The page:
So, this month’s newsletter is being typed with one hand (an interesting and somewhat frustrating experience); sitting propped up in my bed - left elbow encased in a rather massive plaster cast (more or less comfortably resting on a cushion); blessing my good fortune to be in the possession of a laptop (which has been a rather recent addition); hoping that my one-handed typing speed will increase rapidly so that I’ll at least be able make myself a little useful. As I was sitting there, struggling with my new typing mode and my pre-planned subject for the newsletter, it suddenly occurred to me that my unfortunate experience had a lot in common with some of the experiences we encounter on our stepfamily journey and, quick as a flash, I decided to share my thoughts with you. Now, don’t laugh or think that I broke my head as well as my elbow – it really does! Read on and you’ll see:


Most of us travel merrily through life, filled with ideas, hopes and dreams of how we would like our future to be. At some point we finally come across the prince or princess of our dreams - the one who makes our heart beat faster, our knees go weak and stars appear in our eyes. If cupid’s arrow has truly struck, what do we do??? – we fall head over heels, crash bang, full force for that person. All previous ideas, thoughts and considerations of what he of she should be like simply fly out of our head and all we are capable of thinking at that point is “HE IS THE ONE FOR ME”.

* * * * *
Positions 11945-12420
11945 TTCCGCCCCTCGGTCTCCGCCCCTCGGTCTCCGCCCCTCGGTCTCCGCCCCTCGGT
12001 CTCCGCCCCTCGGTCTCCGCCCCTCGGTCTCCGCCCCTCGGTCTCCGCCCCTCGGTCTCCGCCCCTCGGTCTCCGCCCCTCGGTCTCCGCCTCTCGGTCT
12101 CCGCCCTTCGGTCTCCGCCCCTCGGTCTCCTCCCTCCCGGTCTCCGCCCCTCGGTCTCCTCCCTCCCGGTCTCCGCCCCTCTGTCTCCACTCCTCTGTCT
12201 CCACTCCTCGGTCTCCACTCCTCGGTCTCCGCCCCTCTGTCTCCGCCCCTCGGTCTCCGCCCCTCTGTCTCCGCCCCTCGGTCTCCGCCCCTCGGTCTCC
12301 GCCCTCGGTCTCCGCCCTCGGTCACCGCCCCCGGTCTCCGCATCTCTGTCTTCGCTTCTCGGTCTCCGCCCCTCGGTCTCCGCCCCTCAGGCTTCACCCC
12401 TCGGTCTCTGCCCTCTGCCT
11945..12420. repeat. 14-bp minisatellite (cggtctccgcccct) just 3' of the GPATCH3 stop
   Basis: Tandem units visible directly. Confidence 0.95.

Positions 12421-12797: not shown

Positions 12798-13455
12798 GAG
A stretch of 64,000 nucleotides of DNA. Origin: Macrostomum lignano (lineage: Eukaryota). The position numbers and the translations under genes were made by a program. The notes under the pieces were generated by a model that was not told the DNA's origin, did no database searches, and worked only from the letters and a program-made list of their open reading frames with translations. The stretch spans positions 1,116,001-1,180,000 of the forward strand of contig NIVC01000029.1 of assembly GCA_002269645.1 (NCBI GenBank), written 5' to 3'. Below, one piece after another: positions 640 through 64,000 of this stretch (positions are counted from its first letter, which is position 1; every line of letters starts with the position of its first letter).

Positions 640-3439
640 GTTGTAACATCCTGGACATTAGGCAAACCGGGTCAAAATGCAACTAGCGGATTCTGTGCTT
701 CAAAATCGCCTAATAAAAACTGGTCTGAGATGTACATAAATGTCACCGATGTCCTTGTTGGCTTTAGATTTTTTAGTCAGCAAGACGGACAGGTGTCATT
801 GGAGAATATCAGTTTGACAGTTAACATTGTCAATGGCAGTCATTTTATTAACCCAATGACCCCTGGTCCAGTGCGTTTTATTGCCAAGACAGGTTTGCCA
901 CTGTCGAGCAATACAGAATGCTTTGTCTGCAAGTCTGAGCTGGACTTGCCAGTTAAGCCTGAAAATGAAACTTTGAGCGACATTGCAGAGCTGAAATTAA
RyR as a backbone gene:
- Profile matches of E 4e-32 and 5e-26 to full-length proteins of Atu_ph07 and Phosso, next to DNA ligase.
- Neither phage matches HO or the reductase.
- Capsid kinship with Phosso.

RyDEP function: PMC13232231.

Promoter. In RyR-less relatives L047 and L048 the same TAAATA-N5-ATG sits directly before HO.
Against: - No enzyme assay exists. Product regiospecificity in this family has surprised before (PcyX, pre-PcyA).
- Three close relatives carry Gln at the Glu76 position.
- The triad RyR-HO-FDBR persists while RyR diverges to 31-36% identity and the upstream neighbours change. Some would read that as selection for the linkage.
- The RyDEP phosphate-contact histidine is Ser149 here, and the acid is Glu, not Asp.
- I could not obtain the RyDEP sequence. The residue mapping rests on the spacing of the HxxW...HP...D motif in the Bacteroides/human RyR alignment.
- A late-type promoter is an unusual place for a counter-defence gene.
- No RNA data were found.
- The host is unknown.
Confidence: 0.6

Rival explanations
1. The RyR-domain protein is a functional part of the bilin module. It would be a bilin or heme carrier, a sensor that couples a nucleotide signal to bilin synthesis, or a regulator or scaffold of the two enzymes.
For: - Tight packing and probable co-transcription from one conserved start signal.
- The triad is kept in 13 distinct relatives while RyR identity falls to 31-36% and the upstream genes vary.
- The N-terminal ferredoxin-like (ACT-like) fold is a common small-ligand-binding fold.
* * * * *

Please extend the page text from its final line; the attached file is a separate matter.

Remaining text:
Once having exchanged wedding vows, however, it doesn't usually take all that long until we discover the realities of stepfamily life. The fact that he comes as a package deal hadn’t been a secret but in our starry-eyed state we didn’t consider this to be a problem. Not even the existence of an ‘ex’ lurking somewhere in the background deterred us from our course of action. We knew (beyond any doubt) that we are better, nicer, much more attractive, more sensible, more mature, less hateful, spiteful and vindictive than the ‘ex’ and that all our partner REALLY needs for a happy and fulfilled life is ME. Come on, be honest - it's true, isn't it???? …….UNTIL REALITY BITES.

His (her) kids visit too often (or not often enough). They don’t like us, criticize us, tell us in no uncertain terms that we have absolutely NO business telling THEM what do, because, after all, we are not their father (mother). Or they like us so much that we’ve just made the “most wanted” list on the ‘ex's’ agenda and before we can say “oh my gosh, how did this happen?” we find ourselves embroiled in a battle that seemed to have come out of nowhere. When we complain about it to our chosen one (hoping for some sympathy or back-up) s/he says, “well, I told you what he/she is like. Now you get to see for yourself!” Our parents tell us not to worry - love will overcome all obstacles. Our friends tell us that they would never have married someone with kids and other wellmeaners tell us that we should have thought about it before we tied the knot. And voila, here we are….in non-anticipated but, all the same, substantial pain.